The Language of a City: Creating Type & Patterns from Manufactured Forms

If I were to ask you how well you knew your city what would you say? Maybe the year it was established? Or the names of all the major streets? Well, how about something a little more unconventional like what typeface the downtown building could evoke, or what pattern the city’s fire hydrants can create? The latter set of answers being a much more unorthodox way of viewing a city, but definitely demonstrating greater depth and a better understanding of one’s place.

Our city has accumulated such an incredible amount of information that it has the potential to create its own language. It holds a large mass of people with different lifestyles and passions constantly adding and subtracting to the landscape in order to satisfy their needs.

Within these layers we can extract a variety of shapes and forms , and reinterpret them into visual systems of communication. Atypical dialogues created by the city’s manufactured forms allows us to view our idiosyncrasies as a community and individuals.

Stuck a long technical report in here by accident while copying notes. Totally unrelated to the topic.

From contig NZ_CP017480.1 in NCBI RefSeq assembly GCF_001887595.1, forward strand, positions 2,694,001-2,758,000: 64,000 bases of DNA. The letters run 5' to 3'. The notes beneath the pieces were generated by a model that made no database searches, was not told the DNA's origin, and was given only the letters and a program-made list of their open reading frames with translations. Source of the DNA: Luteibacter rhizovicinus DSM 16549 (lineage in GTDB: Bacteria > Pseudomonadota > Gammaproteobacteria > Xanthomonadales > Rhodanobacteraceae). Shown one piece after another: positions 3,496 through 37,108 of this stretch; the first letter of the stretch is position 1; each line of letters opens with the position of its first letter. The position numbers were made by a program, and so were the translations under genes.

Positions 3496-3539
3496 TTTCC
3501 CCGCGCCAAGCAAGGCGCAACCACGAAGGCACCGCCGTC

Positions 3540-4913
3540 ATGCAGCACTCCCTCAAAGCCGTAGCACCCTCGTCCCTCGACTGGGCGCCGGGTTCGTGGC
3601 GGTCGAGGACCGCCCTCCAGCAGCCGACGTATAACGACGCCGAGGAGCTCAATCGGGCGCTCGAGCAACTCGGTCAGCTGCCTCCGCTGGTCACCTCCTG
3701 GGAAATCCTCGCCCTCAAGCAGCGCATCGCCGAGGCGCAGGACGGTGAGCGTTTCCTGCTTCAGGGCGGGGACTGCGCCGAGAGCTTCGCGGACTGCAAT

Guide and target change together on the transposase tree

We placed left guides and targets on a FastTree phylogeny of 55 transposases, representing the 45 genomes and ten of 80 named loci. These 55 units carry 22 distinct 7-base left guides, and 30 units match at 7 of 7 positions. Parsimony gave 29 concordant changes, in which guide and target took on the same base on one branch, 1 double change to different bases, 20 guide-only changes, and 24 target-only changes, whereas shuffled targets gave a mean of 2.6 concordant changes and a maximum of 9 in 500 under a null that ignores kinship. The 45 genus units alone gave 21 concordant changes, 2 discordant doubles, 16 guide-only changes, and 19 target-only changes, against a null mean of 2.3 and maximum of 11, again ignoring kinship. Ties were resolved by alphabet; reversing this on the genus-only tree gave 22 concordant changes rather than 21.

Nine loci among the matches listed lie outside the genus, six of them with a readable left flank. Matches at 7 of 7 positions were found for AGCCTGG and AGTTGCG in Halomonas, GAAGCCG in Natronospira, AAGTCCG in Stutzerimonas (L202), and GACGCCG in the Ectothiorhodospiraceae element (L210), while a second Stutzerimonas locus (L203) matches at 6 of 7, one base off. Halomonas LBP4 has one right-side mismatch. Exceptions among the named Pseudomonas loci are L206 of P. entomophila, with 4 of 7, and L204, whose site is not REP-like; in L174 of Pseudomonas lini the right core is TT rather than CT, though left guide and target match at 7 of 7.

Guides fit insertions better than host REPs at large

However, in order to establish a connection between our past, present and possible future we must become proactive and like Tony Hiss, author of The Experience of Place, wrote: “[perceive] our everyday surroundings in a new way.”

Pattern variations created from Westchase District poles

In this series I will be documenting, deconstructing, and finally reinterpreting Houston’s forms and structures through the creation of type and patterns taken from our gathered information. All in the hopes of encouraging creativity and nurturing a better understanding of our city’s language.

Stay tuned!

By Monica Garcia
Published June 22, 2010
AIGA encourages thoughtful, responsible discourse. Please add comments judiciously, and refrain from maligning any individual, institution or body of work. Read our policy on commenting.